18:06 jump out to operational mode

18:08 and now let's go ahead and jump to the

18:11 remote worker device and see how this

18:14 works

18:15 all right so here is our remote worker

18:18 device

18:18 and to begin let's see if we can

18:20 actually reach that server without first

18:23 logging into the vpn

18:28 and looks like it's not going to work

18:30 and that's okay that's what we want we

18:32 don't want

18:32 anyone on the internet to be able to

18:34 access our local server right

18:36 so let's go ahead and kill that ping and

18:38 then we'll go ahead and start up the vpn

18:42 you can see here on your connection

18:43 profile i've done this before so we're

18:45 going to create a new connection though

18:48 and normally you'd have to fill out this

18:49 gateway address but since i've done this

18:51 before on this device it's already

18:53 pre-populated but

18:54 normally we need to type all that out

18:57 and notice how this is the external ip

18:59 address

19:00 of that interface that we configured and

19:02 so let's go ahead and do this and click

19:04 the connection button

19:05 and we're asked to sign in

19:08 and see here we are presented with a

19:10 security certificate warning

19:12 and that's because our local certificate

19:14 that we configured is not a

19:16 trusted certificate but we know we

19:18 configured it so we can trust it so

19:20 we'll accept this

19:26 you can see it's attempting to connect

19:27 tunnel is set up

19:30 and now it is established let's go ahead

19:33 and pull that back out

19:36 we can see here that this looks good we

19:38 can see that we're online nothing's

19:40 being transmitted yet

19:41 and that's okay because we haven't sent

19:43 anything so let's go ahead and pull up

19:45 this command window and attempt to ping

19:47 the server

19:48 and that looks a lot better we can

19:50 actually reach the server so

19:52 great so let's look at the client

19:55 and we can see that we have some

19:56 transmitted bytes and some received

19:58 bytes and that's exactly what we want to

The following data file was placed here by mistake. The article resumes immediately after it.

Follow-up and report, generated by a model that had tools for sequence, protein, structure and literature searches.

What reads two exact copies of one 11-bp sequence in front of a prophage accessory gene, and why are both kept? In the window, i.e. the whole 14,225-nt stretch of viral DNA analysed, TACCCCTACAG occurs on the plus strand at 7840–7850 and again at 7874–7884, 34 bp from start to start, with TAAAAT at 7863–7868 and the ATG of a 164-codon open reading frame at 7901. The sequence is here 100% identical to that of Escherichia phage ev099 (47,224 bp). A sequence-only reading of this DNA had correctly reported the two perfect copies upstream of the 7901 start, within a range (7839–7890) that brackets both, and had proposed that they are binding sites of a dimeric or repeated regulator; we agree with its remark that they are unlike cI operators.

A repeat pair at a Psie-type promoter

19:59 see and and those aren't bytes not

20:01 packets so it's the cumulative

20:03 bytes that were sent and received and

20:04 that's perfect and one other quick thing

20:06 is i want to show you if i disconnect

20:10 then reconnect we have to first enter

20:13 our

20:14 credentials and then we don't have to

20:17 accept that certificate since it's

20:19 already been

20:20 accepted so we're good there and one

20:22 last quick thing let's jump back to

20:24 vsrx1 and look

20:26 at a few verification commands

20:29 so here let's go ahead and show the

20:31 security ike security associations

20:34 and we can see here that we do have one

20:37 client connecting and we can see that

20:38 the remote address is so

20:42 that's the actual ip address

20:43 that the remote client is connecting

20:45 from and then we can show the

20:47 show security ipsec security

20:49 associations and we'll see

20:50 similar type of output but we can see

20:53 the ike

20:54 and ipsec security associations are up

20:57 and functioning

20:58 and then one last quick thing you can

21:00 look at the ipsec statistics

21:02 and we can see that some packets were

21:04 sent and received and

21:05 everything looks good things are working

21:07 as expected

21:09 so that brings us to the end of this

21:11 learning byte and in this learning byte

21:13 we talked about how to configure and

21:15 verify

21:16 juniper secure connect using the junos

21:18 cli

21:19 so as always thanks for watching visit

21:22 the juniper education services website